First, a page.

Melanterius Erichson 1842 [incl. Chaleponotus Casey 1892, Melanteriosoma Lea 1899]P-NJO17
| i. s.: M. carinicollis Pascoe 1875M86
| M. cinnamomeus Pascoe 1872M86
| M. floridus Pascoe 1875M86
| M. fugitivus Pascoe 1875M86
|--M. porcatus groupP-NJO17
| |--*M. porcatus Erichson 1842M94
| |--M. bidentatus Lea 1899P-NJO17
| |--M. conspiciendus Lea 1909P-NJO17
| |--M. leptorrhynchus Lea 1911P-NJO17
| |--M. semiporcatus Erichson 1842P-NJO17
| `--M. unidentatus Lea 1899P-NJO17
|--M. costatus groupP-NJO17
| |--M. aberrans Lea 1899P-NJO17
| |--M. arenaceus Lea 1928P-NJO17
| |--M. costatus (Lea 1899) [=*Melanteriosoma costatum; incl. Melanterius uniseriatus Lea 1899]P-NJO17
| |--M. costipennis Lea 1905P-NJO17
| |--M. inconspicuus (Lea 1899) [=Melanteriosoma inconspicuum]P-NJO17
| |--M. lamellatus Lea 1913P-NJO17
| |--M. psittacoides Pinzón-Navarro, Jennings & Oberprieler 2017P-NJO17
| |--M. pungalinae Pinzón-Navarro, Jennings & Oberprieler 2017P-NJO17
| |--M. rufus Lea 1928P-NJO17
| |--M. squamipennis Lea 1928P-NJO17
| |--M. tasmaniensis (Lea 1909) [=Melanteriosoma costatum var. tasmaniense]P-NJO17
| |--M. tibialis Lea 1928P-NJO17
| `--M. vinosus Pascoe 1872P-NJO17
|--M. laticornis groupP-NJO17
| |--M. atronitens Lea 1931P-NJO17
| |--M. compositus Lea 1909P-NJO17
| |--M. corosus (Boisduval 1835) (see below for synonymy)P-NJO17
| |--M. laticornis Lea 1913P-NJO17
| |--M. mediocris Lea 1913P-NJO17
| |--M. persimilis Lea 1909P-NJO17
| |--M. porosus Lea 1899P-NJO17
| |--M. strabonus Lea 1899P-NJO17
| `--M. vulgivagus Lea 1899P-NJO17
|--M. latipennis groupP-NJO17
| |--M. abbreviatus Pinzón-Navarro, Jennings & Oberprieler 2017P-NJO17
| |--M. aratus Pascoe 1885P-NJO17
| |--M. baridioides Lea 1913P-NJO17
| |--M. bicalcaratus Lea 1913P-NJO17
| |--M. curvistriatus Pinzón-Navarro, Jennings & Oberprieler 2017P-NJO17
| |--M. elusus (Casey 1892)P-NJO17 [=*Chaleponotus elususA08; incl. M. pectoralis Lea 1899A08, M. rufimanus Lea 1915P-NJO17]
| |--M. interstitialis Lea 1899P-NJO17
| |--M. latipennis Lea 1928P-NJO17
| |--M. legitimus Lea 1909P-NJO17
| |--M. maestus Lea 1913P-NJO17
| |--M. oleosus Lea 1928P-NJO17
| |--M. semiporosus Lea 1908P-NJO17
| |--M. solitus Lea 1899P-NJO17
| `--M. tesseymani Pinzón-Navarro, Jennings & Oberprieler 2017P-NJO17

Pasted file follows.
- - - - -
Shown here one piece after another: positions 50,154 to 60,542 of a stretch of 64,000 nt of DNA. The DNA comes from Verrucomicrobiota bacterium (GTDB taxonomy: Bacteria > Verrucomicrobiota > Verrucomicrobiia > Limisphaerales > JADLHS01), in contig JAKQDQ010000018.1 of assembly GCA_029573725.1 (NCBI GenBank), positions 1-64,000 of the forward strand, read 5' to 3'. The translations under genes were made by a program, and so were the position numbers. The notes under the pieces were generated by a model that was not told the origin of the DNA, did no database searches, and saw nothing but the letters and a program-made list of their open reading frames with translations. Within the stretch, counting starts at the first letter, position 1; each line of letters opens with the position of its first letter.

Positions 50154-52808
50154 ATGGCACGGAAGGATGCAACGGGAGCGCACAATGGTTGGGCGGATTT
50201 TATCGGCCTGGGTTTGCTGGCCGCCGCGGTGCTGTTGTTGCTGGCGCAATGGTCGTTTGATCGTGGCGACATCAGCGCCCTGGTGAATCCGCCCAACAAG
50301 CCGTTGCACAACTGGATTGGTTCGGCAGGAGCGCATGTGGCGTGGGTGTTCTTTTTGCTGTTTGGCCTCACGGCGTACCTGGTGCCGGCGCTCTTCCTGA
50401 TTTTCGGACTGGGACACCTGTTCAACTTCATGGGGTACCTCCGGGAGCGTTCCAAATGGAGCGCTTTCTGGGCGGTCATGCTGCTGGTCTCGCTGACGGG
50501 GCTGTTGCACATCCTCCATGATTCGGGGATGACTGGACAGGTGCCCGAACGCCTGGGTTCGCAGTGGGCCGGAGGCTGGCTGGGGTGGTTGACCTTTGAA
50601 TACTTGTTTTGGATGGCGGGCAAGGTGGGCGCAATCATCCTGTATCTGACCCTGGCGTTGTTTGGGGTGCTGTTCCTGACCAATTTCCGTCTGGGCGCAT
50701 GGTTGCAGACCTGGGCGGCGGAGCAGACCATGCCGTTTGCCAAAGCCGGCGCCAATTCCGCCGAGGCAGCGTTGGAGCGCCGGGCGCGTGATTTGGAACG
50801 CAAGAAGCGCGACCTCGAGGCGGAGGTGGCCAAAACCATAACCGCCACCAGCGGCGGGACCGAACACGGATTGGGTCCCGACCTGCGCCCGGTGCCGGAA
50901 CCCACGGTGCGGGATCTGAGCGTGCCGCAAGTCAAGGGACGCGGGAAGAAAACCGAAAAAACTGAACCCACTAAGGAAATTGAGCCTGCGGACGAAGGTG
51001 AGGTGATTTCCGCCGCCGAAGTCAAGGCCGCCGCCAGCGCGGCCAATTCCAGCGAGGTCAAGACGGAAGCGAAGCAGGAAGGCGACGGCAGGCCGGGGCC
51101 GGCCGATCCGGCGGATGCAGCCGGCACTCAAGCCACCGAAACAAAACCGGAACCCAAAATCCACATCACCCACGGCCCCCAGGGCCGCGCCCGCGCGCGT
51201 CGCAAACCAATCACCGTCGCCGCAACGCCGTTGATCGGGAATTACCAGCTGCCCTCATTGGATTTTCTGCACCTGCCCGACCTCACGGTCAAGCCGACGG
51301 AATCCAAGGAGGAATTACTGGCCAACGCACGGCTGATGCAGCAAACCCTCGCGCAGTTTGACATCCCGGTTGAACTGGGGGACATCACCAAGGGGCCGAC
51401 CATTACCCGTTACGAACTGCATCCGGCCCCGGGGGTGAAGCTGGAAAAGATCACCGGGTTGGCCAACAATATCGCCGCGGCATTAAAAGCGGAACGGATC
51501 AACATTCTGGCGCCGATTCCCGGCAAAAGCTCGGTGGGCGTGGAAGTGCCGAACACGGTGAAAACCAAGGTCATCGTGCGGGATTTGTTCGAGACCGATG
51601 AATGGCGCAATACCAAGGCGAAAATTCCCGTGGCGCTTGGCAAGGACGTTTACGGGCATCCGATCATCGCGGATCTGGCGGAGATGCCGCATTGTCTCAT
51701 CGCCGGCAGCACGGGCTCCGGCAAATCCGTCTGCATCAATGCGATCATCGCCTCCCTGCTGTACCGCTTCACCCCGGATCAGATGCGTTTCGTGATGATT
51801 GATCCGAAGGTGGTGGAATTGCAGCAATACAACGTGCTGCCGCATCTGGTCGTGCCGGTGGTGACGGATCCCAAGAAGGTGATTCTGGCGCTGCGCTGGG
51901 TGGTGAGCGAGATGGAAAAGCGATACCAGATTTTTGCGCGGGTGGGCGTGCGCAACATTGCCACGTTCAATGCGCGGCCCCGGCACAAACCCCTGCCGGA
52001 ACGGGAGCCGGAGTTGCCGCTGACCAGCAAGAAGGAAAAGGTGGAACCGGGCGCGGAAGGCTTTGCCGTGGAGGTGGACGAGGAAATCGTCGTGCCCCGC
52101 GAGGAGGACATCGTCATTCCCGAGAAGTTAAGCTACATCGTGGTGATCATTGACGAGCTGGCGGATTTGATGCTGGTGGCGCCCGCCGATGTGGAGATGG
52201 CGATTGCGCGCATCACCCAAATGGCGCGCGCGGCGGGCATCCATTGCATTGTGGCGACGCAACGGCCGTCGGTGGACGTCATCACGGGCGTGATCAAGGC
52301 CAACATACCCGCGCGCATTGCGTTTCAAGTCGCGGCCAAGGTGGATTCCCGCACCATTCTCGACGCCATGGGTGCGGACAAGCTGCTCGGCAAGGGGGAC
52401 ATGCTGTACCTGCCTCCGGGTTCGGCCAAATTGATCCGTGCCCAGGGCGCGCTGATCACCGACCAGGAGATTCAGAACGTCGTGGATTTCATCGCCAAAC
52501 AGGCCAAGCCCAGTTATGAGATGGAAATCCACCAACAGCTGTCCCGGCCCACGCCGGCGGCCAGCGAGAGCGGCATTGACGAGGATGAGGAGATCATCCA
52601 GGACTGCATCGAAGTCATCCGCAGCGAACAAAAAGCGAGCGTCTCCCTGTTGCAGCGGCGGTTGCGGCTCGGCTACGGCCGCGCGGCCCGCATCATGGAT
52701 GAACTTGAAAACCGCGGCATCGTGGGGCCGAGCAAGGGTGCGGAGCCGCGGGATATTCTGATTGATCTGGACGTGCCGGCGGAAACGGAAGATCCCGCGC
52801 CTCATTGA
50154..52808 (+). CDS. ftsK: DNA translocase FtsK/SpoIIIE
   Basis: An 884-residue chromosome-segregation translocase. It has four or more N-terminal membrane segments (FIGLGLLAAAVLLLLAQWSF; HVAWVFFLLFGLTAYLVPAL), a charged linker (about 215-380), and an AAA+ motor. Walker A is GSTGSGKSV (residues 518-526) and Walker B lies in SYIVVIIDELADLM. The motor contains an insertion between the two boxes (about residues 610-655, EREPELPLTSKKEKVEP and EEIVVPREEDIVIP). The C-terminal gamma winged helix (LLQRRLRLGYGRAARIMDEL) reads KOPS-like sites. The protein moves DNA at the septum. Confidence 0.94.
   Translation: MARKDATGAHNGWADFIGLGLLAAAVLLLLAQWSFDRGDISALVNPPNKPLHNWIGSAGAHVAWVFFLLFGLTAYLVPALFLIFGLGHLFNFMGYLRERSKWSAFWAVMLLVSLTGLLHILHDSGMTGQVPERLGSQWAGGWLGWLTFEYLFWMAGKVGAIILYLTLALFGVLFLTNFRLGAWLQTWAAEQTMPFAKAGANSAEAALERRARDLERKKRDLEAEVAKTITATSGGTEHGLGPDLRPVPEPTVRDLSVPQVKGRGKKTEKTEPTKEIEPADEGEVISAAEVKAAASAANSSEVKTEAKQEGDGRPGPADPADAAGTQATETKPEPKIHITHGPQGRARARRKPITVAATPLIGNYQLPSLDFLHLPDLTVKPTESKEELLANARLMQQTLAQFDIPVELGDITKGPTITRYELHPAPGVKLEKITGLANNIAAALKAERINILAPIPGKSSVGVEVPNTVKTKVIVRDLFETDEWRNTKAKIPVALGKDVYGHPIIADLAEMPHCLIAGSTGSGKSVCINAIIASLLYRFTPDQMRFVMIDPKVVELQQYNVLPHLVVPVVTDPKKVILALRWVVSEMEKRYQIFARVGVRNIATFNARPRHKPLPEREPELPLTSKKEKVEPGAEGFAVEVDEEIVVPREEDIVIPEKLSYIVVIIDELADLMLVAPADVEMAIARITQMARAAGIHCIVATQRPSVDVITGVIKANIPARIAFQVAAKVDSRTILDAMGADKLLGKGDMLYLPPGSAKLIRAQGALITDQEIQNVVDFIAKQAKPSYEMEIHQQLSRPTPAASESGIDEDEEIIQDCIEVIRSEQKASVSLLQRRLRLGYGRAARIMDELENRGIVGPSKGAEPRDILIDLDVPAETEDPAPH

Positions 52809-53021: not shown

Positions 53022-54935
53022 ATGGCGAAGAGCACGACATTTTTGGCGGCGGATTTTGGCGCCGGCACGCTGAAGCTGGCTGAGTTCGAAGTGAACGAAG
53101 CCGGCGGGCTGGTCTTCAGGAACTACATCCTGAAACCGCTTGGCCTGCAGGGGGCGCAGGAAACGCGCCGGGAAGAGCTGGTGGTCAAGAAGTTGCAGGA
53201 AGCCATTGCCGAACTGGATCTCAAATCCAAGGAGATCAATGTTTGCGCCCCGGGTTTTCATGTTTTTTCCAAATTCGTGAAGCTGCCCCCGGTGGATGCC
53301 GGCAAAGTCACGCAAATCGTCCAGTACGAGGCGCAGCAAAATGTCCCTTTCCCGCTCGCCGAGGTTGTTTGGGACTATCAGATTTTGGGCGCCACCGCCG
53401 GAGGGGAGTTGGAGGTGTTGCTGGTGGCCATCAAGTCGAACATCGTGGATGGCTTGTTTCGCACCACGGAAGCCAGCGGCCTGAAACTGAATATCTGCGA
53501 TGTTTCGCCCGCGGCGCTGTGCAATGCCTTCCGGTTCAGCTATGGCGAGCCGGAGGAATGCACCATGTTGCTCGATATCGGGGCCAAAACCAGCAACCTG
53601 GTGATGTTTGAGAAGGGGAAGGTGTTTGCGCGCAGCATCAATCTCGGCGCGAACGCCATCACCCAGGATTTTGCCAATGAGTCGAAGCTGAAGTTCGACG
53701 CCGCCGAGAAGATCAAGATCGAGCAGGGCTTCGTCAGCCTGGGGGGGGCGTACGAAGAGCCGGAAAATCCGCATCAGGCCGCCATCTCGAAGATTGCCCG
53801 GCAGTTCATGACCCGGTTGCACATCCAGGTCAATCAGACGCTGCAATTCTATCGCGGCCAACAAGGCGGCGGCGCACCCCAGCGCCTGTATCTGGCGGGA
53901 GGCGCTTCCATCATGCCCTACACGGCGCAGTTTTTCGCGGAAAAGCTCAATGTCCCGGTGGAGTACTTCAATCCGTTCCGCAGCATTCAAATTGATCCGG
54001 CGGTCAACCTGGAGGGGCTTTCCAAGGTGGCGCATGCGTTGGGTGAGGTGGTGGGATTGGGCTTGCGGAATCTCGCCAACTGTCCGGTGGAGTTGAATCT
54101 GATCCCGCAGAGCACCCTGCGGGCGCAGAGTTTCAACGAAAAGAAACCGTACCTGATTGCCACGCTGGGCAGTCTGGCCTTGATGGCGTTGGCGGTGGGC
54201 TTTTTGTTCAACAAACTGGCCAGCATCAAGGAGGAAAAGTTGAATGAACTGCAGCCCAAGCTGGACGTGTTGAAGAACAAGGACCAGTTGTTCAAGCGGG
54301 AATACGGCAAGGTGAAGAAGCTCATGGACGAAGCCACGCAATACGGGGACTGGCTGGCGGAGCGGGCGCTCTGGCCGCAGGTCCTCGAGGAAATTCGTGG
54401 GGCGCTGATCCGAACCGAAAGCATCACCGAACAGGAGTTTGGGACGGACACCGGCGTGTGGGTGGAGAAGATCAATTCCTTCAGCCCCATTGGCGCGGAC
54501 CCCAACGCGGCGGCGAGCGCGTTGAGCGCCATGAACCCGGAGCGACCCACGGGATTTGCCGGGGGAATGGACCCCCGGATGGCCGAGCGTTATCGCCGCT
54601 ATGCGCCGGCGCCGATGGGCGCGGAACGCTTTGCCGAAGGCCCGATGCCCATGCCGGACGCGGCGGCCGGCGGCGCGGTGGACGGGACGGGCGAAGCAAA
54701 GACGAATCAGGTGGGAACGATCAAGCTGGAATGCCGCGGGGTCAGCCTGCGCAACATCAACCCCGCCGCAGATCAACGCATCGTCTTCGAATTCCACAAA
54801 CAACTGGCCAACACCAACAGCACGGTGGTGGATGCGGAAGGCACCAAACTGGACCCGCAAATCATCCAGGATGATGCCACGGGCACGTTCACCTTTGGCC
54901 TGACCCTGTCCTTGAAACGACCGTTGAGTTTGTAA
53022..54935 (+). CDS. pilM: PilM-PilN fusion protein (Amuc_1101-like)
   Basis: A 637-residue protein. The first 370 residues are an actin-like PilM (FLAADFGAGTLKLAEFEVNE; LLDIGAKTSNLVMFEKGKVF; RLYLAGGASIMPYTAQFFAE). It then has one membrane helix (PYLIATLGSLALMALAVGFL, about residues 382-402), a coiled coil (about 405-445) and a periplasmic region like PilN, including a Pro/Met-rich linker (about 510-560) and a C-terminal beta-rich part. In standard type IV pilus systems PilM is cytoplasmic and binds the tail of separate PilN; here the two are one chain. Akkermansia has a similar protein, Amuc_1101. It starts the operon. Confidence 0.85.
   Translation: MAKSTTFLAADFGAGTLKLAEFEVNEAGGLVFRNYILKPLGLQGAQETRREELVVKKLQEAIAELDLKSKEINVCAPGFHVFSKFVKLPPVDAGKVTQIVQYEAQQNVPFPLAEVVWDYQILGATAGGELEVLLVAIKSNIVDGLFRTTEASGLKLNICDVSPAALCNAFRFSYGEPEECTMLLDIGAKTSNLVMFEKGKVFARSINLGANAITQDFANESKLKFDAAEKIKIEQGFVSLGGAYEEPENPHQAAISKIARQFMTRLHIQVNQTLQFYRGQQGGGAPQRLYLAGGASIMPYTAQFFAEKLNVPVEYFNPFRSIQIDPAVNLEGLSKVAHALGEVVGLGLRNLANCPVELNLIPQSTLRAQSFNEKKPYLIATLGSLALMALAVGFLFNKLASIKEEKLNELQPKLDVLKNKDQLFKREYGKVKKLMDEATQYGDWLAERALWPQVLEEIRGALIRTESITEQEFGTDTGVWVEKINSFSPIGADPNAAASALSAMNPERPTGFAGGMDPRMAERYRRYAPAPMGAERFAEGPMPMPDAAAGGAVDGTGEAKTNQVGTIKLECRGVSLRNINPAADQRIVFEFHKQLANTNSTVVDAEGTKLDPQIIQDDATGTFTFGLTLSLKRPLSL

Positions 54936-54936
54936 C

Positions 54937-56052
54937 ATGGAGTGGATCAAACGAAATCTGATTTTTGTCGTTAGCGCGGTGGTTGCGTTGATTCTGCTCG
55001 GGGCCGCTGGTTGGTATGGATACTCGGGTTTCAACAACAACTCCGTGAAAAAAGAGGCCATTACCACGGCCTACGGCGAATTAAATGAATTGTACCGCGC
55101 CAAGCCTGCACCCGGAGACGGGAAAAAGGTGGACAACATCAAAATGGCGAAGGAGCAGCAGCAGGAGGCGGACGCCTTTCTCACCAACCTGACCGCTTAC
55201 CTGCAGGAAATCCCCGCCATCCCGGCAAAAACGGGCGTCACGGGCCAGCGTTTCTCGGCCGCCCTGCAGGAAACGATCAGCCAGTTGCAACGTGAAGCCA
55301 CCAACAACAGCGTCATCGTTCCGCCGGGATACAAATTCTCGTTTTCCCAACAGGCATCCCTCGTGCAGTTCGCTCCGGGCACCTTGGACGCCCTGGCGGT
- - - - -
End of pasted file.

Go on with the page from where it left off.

|--M. maculatus groupP-NJO17
| |--M. acaciae Lea 1899 [incl. M. caledonicus Lea 1928]P-NJO17
| |--M. antennalis Lea 1899P-NJO17
| |--M. castaneus Lea 1899 [incl. M. compactus Lea 1899]P-NJO17
| |--M. ellipticus Lea 1913P-NJO17
| |--M. fasciculatus Lea 1913P-NJO17
| |--M. maculatus Lea 1899M94
| |--M. servulus Pascoe 1872P-NJO17
| `--M. submaculatus Lea 1928P-NJO17
`--M. ventralis groupP-NJO17
|--M. cardiopterus Lea 1913P-NJO17
|--M. parvidens Lea 1899P-NJO17
`--M. ventralis Lea 1899P-NJO17

Melanterius corosus (Boisduval 1835) [=Cryptorhynchus corosus; incl. M. adipatus Lea 1899, M. piceirostris Erichson 1842]P-NJO17

*Type species of generic name indicated


[A08] Anderson, R. S. 2008. The identity of Chaleponotus elusus Casey 1892 (Curculionidae: Molytinae: Conotrachelini). Coleopterists Bulletin 62 (1): 42–44.

Auld, T. D. 1989. Larval survival in the soil and adult emergence in Melanterius Erichson and Plaesiorhinus Blackburn (Coleoptera: Curculionidae) following seed feeding on Acacia and Bossiaea (Fabaceae). Journal of the Australian Entomological Society 28: 235–238.

[M86] Masters, G. 1886. Catalogue of the described Coleoptera of Australia. Part V. Proceedings of the Linnean Society of New South Wales, series 2, 1 (3): 585–686.

[M94] May, B. M. 1994. An introduction to the immature stages of Australian Curculionoidea. In: Zimmerman, E. C. Australian Weevils (Coleoptera: Curculionoidea) vol. 2. Brentidae, Eurhynchidae, Apionidae and a chapter on immature stages by Brenda May pp. 365–728. CSIRO Australia.

[P-NJO17] Pinzón-Navarro, S. V., D. Jennings & R. G. Oberprieler. 2017. Host associations of Melanterius Erichson (Coleoptera: Curculionidae: Cleogonini), with a diagnosis and delimitation of the genus and description of five new species. Zootaxa 4298 (1): 1–77.

Zimmerman, E. C. 1992. Australian Weevils (Coleoptera: Curculionoidea) vol. 6. Colour plates 305–632. CSIRO Australia.